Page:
CCNP TSHOOT Chapter 4 Lab 4-1, Layer 2 Issues (Version 7)

Physical Topology

CCNP TSHOOT Chapter 4 Lab 4-1, Layer 2 Issues (Version 7) 1

Logical Topology

CCNP TSHOOT Chapter 4 Lab 4-1, Layer 2 Issues (Version 7) 2

CCNP TSHOOT Chapter 4 Lab 4-1, Layer 2 Issues (Version 7) 3

Objectives

  • Load the device configuration files for each trouble ticket.
  • Diagnose and resolve Layer 2 connectivity problems.
  • Diagnose and resolve spanning-tree problems.
  • Document the troubleshooting progress, configuration changes, and problem resolution.

Background

User computers, servers, and printers all connect to the access layer of the hierarchical model. With hundreds or thousands of hosts attached, access devices such as Layer 2 switches are a common source of networking issues. Physical and data-link problems at the access layer can include hardware, cabling, VLAN assignment, spanning tree, trunking protocol, or port security issues.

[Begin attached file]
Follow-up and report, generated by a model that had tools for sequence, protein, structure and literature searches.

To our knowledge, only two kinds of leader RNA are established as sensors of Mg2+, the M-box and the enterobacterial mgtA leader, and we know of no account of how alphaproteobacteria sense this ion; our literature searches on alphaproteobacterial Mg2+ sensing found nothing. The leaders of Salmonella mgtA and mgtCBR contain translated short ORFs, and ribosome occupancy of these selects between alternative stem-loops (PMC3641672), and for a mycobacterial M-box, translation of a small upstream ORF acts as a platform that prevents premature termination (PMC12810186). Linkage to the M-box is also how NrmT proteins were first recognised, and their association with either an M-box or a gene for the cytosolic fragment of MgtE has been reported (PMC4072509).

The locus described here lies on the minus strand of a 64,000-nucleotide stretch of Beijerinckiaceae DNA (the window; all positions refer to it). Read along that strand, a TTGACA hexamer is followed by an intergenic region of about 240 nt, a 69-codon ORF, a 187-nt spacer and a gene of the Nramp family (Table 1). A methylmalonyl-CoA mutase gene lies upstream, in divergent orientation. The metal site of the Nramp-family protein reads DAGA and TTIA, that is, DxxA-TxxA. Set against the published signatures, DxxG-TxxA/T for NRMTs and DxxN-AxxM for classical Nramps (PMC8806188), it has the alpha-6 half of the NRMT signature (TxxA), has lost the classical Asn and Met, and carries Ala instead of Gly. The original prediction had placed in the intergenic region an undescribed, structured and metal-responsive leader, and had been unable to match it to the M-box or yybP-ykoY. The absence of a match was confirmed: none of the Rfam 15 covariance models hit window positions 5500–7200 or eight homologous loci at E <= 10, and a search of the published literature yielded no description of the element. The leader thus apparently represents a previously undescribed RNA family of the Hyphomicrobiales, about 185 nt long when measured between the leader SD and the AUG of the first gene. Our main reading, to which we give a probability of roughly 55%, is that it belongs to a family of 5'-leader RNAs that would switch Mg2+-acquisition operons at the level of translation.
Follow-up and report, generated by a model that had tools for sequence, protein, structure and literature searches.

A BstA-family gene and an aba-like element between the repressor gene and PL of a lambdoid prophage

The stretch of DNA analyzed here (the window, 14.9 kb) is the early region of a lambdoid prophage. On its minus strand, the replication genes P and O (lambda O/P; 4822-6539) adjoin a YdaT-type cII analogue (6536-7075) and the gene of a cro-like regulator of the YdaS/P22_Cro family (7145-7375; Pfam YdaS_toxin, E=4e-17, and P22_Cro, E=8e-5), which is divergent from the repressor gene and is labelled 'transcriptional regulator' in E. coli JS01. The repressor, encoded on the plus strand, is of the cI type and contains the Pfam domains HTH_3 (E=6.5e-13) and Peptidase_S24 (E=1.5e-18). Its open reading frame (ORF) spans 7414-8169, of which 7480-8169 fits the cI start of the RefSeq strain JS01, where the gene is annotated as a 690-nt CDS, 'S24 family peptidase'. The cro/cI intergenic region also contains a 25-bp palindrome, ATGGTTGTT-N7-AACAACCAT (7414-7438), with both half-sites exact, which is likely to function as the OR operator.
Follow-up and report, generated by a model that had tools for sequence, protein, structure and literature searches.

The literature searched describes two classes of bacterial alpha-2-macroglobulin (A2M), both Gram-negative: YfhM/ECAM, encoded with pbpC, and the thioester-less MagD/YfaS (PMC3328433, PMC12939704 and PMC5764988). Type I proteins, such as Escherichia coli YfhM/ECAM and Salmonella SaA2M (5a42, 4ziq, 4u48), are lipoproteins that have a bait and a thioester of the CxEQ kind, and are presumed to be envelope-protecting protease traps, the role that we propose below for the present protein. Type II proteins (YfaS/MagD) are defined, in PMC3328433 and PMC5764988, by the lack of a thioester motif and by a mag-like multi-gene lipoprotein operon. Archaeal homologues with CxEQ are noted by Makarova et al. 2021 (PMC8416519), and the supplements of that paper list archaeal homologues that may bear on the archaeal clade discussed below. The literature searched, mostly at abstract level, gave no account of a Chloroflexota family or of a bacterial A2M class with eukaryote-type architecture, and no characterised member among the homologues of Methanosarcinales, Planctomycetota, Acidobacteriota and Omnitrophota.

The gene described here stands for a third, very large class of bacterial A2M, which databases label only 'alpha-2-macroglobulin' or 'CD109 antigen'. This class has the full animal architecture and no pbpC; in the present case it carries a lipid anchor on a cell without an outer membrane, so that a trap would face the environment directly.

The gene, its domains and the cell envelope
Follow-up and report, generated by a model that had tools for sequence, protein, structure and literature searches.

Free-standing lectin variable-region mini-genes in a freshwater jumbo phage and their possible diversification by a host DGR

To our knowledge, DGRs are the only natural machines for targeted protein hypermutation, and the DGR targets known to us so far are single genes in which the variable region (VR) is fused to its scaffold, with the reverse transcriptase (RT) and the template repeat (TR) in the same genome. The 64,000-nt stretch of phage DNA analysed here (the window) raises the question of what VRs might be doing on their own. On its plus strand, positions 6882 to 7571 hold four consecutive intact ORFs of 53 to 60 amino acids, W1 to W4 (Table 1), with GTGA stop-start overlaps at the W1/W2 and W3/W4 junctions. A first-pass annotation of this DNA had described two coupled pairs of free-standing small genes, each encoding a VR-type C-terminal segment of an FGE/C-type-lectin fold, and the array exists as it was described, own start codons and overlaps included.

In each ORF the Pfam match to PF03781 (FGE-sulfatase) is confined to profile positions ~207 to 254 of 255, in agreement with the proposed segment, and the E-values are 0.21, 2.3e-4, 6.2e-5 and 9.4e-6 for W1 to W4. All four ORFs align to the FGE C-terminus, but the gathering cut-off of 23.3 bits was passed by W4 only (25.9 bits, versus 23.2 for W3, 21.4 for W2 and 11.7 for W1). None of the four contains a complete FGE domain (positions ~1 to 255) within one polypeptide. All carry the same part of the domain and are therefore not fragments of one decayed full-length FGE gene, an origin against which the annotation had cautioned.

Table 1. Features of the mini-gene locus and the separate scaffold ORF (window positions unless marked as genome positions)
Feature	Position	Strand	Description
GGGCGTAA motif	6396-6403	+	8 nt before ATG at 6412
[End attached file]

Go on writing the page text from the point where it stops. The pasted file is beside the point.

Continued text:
In this lab, you will troubleshoot various Layer 2 problems. For each task or trouble ticket, the scenario and symptoms are described. While troubleshooting, you will discover the cause of the problem, correct it, and then document the process and results.

Physical and Logical Topology Diagrams

The physical and logical topologies are provided at the beginning of the lab, including interface designations and IPv4/IPv6 addresses, to assist the troubleshooting effort.

Note: This lab uses Cisco ISR G2 routers running Cisco IOS 15.4(3) images with IP Base and Security packages enabled, and Cisco Catalyst 3560 and 2960 switches running Cisco IOS 15.0(2) IP Services and LAN Base images, respectively. The 3560 and 2960 switches are configured with the SDM templates dual-ipv4-and-ipv6 routing and lanbase-routing, respectively. Depending on the router or switch model and Cisco IOS Software version, the commands available and output produced might vary from what is shown in this lab. Any changes made to the baseline configurations or topology (other than errors introduced) are noted in the trouble ticket so that you are aware of them prior to beginning the troubleshooting process.